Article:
Nobel Prize Award for Physics 1963 to 1974

About the Nobel Prize Award for Physics 1963 to 1974 including the scientists Townes and Gabor, their works, and history.


1963 Eugene P. Wigner (1902- ), American (b. Hungary)

Maria Goeppert Mayer (1906-1972), American (b. Poland)

J. Hans D. Jensen (1907-1973), German

Work: Contributions to nuclear and theoretical physics

1964 Charles H. Townes (1915- ), American

Nikolai G. Basov (1922- ), Russian

Aleksandr M. Prokhorov (1916- ), Russian

Work: Fundamental research in quantum electronics, leading to the maser-laser principle

1965 Richard P. Feynman (1918- ), American

Julian S. Schwinger (1918- ), American

Sin-itiro Tomonaga (1906- ), Japanese

Work: Research in quantum electrodynamics, leading to a better understanding of elementary particles

1966 Alfred Kastler (1902- ), French

Work: Discovery and development of optical methods for studying Hertzian resonances in atoms

1967 Hans A. Bethe (1906- ), American (b. Germany)

Work: Theoretical contributions to nuclear reaction, especially discoveries related to the energy production of the stars

1968 Luis W. Alvarez (1911- ), American

Work: Research into subatomic particles and the development of techniques used for their detection

1969 Murray Gell-Mann (1929- ), American

Work: New insights into the interaction among elementary particles, including a theoretical model he named "the Eight-fold Way"

1970 Louis Neel (1904- ), French

Work: Discovery of ferromagnets and antiferromagnets, which have advanced solid-state physics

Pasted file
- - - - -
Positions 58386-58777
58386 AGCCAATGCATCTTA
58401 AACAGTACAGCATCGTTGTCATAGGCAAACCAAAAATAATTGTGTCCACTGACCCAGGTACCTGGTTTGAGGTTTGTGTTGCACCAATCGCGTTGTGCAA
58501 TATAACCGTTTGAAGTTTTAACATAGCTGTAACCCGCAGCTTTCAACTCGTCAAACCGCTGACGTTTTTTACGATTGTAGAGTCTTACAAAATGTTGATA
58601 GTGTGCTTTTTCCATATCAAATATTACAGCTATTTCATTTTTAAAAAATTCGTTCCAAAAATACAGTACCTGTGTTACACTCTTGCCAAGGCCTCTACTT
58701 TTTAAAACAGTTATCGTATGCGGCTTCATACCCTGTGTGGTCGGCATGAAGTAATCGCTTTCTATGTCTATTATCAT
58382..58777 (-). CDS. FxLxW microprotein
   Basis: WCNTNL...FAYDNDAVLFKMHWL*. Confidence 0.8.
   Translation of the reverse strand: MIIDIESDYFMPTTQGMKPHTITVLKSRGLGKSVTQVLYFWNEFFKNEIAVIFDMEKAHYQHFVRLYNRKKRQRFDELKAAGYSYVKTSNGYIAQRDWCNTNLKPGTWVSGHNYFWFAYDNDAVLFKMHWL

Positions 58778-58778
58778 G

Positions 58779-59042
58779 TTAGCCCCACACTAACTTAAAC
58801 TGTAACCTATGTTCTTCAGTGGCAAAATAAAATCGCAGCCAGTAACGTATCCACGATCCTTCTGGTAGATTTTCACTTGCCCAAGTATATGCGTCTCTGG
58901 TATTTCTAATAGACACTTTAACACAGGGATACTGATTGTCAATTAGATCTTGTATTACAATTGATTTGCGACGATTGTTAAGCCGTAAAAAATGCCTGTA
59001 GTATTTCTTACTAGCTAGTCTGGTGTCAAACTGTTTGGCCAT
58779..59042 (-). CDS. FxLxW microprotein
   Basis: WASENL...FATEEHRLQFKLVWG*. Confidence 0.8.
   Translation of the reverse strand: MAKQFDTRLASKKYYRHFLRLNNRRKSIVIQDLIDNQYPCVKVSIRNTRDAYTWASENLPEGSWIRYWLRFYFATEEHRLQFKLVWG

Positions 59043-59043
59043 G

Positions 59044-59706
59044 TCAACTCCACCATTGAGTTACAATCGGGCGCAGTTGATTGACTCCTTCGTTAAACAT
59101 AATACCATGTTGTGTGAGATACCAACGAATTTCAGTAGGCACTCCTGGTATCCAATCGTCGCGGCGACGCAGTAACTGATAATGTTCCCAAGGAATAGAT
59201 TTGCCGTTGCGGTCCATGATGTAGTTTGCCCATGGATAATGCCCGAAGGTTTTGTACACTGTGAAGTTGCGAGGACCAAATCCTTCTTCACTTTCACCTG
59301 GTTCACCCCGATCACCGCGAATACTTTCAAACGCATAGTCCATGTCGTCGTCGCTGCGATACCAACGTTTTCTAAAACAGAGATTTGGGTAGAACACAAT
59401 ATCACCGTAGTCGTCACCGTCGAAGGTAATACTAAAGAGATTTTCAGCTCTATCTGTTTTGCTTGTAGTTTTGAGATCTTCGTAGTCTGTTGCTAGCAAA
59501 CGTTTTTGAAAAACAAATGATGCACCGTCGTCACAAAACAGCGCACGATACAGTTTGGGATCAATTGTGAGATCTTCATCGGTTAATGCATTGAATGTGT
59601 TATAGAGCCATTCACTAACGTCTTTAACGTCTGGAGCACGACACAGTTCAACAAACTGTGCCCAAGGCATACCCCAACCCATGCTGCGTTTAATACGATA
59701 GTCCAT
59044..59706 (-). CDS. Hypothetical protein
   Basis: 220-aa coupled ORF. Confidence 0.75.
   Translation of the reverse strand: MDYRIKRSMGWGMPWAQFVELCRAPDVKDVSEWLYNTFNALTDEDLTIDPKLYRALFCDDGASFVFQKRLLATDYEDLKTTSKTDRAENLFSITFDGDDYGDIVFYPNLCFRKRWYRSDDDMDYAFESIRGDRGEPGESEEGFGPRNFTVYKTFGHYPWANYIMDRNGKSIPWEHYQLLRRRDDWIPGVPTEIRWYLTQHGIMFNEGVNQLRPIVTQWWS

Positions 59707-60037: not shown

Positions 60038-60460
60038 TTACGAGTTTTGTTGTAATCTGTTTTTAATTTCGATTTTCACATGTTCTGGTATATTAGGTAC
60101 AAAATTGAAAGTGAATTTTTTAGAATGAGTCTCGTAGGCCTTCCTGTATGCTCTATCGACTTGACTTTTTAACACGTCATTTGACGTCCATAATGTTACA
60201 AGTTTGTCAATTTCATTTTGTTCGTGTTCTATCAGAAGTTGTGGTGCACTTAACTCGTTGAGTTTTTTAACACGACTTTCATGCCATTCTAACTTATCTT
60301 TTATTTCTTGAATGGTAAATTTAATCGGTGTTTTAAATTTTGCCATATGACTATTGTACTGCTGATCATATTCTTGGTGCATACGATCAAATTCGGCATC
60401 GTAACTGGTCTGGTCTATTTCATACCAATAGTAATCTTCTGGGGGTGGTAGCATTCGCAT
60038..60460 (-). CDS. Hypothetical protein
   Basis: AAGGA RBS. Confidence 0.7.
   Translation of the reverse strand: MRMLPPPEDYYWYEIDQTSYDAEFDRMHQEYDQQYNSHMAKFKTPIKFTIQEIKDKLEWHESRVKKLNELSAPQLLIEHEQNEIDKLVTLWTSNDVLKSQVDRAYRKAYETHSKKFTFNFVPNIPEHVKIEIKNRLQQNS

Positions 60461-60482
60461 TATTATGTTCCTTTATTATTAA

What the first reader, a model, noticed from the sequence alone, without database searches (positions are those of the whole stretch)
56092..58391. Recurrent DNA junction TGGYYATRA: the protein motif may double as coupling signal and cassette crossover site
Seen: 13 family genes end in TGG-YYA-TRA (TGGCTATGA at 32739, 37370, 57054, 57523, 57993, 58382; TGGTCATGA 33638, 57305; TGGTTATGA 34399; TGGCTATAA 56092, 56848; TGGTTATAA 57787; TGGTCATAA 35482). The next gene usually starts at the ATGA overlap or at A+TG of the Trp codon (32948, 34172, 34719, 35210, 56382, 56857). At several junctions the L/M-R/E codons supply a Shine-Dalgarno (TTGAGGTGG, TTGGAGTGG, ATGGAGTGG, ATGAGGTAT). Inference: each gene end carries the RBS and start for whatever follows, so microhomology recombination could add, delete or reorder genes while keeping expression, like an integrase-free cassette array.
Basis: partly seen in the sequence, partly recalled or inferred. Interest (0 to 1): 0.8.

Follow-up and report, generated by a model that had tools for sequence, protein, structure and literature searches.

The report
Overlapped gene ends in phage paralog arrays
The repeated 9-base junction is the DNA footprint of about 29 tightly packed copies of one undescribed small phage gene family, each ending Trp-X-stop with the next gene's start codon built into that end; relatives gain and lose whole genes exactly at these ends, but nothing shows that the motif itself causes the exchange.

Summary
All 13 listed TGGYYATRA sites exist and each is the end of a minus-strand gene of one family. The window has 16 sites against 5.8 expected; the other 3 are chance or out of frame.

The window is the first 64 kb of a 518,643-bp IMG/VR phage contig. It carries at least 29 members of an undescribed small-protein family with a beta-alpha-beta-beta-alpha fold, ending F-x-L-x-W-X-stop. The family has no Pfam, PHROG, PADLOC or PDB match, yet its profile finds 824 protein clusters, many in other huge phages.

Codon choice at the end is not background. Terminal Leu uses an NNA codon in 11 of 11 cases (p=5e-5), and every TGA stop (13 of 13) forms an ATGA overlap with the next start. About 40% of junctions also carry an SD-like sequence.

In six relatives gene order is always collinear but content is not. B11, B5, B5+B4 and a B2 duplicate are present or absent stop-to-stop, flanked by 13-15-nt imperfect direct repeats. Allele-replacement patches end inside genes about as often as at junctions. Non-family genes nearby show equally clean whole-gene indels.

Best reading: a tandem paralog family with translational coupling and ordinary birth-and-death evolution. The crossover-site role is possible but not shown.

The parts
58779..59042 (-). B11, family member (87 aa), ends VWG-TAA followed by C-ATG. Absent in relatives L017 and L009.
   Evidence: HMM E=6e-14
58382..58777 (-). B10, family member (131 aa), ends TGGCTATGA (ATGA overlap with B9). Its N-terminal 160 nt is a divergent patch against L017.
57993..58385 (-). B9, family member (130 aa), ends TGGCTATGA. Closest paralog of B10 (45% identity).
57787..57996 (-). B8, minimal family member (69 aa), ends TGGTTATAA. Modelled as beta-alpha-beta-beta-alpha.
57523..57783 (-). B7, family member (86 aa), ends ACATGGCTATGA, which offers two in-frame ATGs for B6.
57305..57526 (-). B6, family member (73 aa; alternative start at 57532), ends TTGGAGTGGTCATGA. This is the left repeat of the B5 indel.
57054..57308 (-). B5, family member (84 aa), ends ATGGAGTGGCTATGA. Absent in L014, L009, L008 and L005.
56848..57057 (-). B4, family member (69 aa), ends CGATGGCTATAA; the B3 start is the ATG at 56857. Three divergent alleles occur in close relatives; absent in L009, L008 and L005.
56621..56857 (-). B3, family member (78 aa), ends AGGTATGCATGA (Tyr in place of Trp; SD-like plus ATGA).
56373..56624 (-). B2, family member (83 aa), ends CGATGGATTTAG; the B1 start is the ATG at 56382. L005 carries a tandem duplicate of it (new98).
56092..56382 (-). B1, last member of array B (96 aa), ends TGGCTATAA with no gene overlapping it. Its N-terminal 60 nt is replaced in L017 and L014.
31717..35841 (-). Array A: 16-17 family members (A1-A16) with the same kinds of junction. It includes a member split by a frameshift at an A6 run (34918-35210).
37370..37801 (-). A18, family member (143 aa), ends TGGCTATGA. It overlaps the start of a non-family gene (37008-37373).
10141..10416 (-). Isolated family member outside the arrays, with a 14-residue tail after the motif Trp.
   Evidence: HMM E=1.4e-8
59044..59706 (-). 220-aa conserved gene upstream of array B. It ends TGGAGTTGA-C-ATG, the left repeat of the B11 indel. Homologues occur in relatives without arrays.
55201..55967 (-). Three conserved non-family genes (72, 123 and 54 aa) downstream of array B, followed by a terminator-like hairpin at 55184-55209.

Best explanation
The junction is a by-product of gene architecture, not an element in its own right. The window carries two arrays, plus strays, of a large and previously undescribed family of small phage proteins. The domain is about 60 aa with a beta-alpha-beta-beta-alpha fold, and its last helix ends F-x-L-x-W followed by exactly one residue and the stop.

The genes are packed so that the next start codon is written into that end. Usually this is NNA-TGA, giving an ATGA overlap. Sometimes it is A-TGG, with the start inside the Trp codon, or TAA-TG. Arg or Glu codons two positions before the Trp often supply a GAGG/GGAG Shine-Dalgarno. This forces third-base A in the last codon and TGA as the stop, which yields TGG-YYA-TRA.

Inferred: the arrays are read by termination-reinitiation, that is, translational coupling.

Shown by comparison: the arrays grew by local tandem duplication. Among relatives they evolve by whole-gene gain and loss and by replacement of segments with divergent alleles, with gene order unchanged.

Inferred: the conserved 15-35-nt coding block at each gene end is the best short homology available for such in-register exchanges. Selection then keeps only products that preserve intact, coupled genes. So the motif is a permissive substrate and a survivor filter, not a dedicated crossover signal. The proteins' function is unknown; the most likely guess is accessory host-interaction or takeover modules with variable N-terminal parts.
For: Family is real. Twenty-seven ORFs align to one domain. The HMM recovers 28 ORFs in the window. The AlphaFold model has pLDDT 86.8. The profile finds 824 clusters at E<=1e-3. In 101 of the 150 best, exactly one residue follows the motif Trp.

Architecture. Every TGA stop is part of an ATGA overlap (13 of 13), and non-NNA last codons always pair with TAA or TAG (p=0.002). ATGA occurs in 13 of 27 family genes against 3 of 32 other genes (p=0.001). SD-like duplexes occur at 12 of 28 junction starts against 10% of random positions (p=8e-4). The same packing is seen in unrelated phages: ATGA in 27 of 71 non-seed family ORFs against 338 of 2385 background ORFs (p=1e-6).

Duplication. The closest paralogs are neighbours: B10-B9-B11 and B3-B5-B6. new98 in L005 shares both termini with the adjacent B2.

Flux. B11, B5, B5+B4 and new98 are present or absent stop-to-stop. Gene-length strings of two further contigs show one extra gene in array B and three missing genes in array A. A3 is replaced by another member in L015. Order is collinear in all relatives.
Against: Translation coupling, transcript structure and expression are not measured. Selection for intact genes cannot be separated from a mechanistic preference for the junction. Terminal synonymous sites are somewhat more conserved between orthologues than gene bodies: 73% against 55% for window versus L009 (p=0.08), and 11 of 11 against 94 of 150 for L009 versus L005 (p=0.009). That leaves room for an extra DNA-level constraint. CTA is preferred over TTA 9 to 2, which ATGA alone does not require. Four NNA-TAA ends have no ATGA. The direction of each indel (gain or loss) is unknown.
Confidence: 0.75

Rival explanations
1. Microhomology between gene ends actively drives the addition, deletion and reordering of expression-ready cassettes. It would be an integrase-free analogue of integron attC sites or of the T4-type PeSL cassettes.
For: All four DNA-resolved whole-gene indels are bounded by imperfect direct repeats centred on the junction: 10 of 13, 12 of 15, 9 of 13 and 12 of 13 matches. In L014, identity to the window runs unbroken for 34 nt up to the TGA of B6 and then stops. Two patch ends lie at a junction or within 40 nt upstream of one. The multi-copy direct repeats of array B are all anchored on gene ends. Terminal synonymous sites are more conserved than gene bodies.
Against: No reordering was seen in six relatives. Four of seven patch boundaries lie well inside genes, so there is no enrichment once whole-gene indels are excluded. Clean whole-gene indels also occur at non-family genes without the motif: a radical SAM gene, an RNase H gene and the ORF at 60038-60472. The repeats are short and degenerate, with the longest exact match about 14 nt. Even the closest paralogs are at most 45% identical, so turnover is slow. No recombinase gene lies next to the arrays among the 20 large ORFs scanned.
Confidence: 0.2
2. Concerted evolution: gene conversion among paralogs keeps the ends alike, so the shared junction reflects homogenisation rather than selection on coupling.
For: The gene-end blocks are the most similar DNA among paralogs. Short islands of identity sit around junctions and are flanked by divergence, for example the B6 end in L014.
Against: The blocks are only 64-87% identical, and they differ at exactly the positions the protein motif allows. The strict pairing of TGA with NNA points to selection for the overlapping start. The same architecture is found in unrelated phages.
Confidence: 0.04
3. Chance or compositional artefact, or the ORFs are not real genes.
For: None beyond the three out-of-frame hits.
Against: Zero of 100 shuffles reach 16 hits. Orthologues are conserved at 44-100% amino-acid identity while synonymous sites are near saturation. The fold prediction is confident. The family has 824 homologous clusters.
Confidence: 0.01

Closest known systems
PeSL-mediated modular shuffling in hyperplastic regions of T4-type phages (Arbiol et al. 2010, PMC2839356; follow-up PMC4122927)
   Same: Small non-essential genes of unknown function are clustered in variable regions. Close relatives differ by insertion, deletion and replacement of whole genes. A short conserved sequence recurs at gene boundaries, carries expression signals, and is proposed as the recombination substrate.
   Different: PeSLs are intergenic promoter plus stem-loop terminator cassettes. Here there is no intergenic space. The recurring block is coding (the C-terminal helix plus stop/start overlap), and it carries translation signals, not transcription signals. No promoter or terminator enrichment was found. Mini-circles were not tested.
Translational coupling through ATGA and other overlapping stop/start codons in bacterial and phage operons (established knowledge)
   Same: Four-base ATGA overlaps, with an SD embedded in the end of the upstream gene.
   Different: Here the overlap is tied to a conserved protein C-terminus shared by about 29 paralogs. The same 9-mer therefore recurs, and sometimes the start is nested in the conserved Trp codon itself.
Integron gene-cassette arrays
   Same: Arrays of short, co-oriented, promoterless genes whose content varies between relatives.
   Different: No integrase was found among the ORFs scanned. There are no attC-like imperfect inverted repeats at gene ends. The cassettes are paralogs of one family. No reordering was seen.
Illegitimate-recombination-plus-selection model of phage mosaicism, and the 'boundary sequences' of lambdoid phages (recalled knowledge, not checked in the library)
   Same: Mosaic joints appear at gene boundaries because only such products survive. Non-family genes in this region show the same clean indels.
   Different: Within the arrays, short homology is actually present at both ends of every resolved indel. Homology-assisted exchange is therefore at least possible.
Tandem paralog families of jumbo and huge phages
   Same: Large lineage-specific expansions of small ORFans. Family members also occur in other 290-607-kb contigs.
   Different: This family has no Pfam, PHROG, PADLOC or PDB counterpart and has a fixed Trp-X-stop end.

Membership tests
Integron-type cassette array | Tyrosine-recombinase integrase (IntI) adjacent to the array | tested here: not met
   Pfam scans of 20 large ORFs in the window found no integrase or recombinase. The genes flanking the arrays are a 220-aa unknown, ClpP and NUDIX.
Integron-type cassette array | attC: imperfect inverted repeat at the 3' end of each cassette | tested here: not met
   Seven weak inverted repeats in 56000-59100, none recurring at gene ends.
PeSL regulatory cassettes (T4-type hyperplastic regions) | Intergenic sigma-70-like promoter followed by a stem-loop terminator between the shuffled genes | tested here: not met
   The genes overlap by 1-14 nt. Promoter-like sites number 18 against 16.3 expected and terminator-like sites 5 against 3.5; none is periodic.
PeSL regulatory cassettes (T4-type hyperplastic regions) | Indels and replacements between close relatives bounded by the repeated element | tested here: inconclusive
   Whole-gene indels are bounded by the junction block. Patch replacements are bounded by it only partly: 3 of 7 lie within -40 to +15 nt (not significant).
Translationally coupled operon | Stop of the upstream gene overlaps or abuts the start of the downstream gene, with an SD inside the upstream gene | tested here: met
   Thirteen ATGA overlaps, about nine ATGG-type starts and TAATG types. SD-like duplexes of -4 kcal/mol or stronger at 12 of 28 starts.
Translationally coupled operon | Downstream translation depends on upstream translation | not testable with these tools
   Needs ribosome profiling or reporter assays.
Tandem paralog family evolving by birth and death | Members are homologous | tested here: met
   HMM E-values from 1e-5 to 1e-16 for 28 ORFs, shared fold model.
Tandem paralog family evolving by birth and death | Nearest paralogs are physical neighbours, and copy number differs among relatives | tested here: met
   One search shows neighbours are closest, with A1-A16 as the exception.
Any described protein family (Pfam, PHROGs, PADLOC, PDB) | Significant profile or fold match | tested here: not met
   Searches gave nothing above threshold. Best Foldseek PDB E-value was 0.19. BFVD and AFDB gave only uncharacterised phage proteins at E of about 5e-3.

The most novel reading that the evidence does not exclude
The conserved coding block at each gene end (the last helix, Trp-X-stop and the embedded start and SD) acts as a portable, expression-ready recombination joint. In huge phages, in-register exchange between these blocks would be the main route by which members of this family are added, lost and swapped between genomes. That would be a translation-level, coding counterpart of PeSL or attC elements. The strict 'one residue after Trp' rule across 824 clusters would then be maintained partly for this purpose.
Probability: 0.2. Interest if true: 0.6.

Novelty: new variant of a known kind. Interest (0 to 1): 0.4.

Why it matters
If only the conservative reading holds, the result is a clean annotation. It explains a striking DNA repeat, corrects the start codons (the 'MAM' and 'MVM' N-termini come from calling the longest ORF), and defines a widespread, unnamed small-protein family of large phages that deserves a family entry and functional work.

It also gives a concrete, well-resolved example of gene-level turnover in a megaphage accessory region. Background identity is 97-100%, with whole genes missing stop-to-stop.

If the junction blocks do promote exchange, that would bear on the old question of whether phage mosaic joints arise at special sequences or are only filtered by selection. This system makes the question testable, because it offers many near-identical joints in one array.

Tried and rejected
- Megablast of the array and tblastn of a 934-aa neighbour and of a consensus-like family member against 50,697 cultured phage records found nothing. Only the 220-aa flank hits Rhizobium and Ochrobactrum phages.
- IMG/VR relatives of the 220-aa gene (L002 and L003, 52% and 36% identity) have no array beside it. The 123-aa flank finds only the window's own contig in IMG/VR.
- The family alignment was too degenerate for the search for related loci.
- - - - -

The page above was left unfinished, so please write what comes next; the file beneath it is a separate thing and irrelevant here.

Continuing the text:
Hannes Alfven (1908- ), Swedish

Work: Devised the theory underlying magnetohydrodynamics, or the relationship between magnetism and electrically conducting liquids

1971 Dennis Gabor (1900- ), British (b. Hungary)

Work: Invention of holography, i.e., photography without lenses

1972 John Bardeen (1908- ), American

Leon Cooper (1930- ), American

John R. Schrieffer (1931- ), American

Work: Development of a theory explaining superconductivity

1973 Ivar Giaever (1929- ), American (b. Norway)

Leo Esaki (1925- ), American (b. Japan)

Brian David Josephson (1940- ), British

Work: Discovery of how electrons tunnel through conductors to become superconductors Nobel Laureates: Giaever, like Einstein, began his career as a patent examiner, in his native Norway. He came to the U.S. in 1956 to work as a mathematician for General Electric, where he has been employed as a physicist since 1958.

Esaki left Sony headquarters in Japan and brought his bride to the U.S. in 1960. As a physicist, he joined the research team at IBM that year, rising to head the device research effort there in 1965. He lives in Chappaqua, N.Y.

Educated at Cambridge, Josephson joined the faculty of the University of Illinois in 1965 but returned to his alma mater to conduct research two years later. He has been professor of physics at Cambridge since 1974. He enjoys ice skating, long walks, and photography.

1974 Martin Ryle (1918- ), English

Work: Development of techniques for using radio telescopes to observe detail in outer space

Antony Hewish (1924- ), English

Work: Played a major role in the discovery of pulsars

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